Smart algorithms make packaging of meat products more efficient

In supermarkets you can find a large variety of poultry products, all conveniently packaged in fixed-weight quantities. However, poultry processing plants face numerous challenges due to these fixed-weight batches, growing ...


Keeping an eye on infrastructure systems: 4 tactics

Even minor disruptions in infrastructure systems can have fatal consequences. Researchers and practitioners counter that risk by taking action on multiple levels. Four examples.

Machine learning & AI

Researchers are helping artificial intelligence understand fairness

"What is fair?" feels like a rhetorical question. But for Michigan State University's Pang-Ning Tan, it's a question that demands an answer as artificial intelligence systems play a growing role in deciding who gets proper ...

Computer Sciences

Novel deep learning framework for symbolic regression

Lawrence Livermore National Laboratory (LLNL) computer scientists have developed a new framework and an accompanying visualization tool that leverages deep reinforcement learning for symbolic regression problems, outperforming ...

Computer Sciences

Researchers explore possibilities for an ultra-secure gun registry

Proposals to create a national gun registry have long been met with fierce opposition from gun rights advocates. While proponents say a registry would help in tracking guns used in crimes, opponents worry that it would compromise ...

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In mathematics, computing, linguistics, and related subjects, an algorithm is a finite sequence of instructions, an explicit, step-by-step procedure for solving a problem, often used for calculation and data processing. It is formally a type of effective method in which a list of well-defined instructions for completing a task, will when given an initial state, proceed through a well-defined series of successive states, eventually terminating in an end-state. The transition from one state to the next is not necessarily deterministic; some algorithms, known as probabilistic algorithms, incorporate randomness.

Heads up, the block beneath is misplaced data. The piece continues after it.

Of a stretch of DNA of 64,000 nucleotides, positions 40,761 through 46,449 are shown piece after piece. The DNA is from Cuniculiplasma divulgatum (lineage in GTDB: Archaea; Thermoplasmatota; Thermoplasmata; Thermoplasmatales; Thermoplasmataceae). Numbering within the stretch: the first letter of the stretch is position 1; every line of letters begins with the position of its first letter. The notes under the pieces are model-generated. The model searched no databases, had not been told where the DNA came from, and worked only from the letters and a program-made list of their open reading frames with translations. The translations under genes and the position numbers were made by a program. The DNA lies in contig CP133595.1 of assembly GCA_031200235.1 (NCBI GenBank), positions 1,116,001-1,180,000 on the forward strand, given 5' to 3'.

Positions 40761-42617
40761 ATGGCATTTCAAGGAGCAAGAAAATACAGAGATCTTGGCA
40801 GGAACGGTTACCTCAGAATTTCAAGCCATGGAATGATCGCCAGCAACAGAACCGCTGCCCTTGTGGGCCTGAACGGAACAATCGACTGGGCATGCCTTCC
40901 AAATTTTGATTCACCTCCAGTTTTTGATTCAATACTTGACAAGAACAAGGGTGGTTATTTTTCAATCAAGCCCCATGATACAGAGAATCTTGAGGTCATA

A partial formalization of the concept began with attempts to solve the Entscheidungsproblem (the "decision problem") posed by David Hilbert in 1928. Subsequent formalizations were framed as attempts to define "effective calculability" (Kleene 1943:274) or "effective method" (Rosser 1939:225); those formalizations included the Gödel-Herbrand-Kleene recursive functions of 1930, 1934 and 1935, Alonzo Church's lambda calculus of 1936, Emil Post's "Formulation 1" of 1936, and Alan Turing's Turing machines of 1936–7 and 1939.

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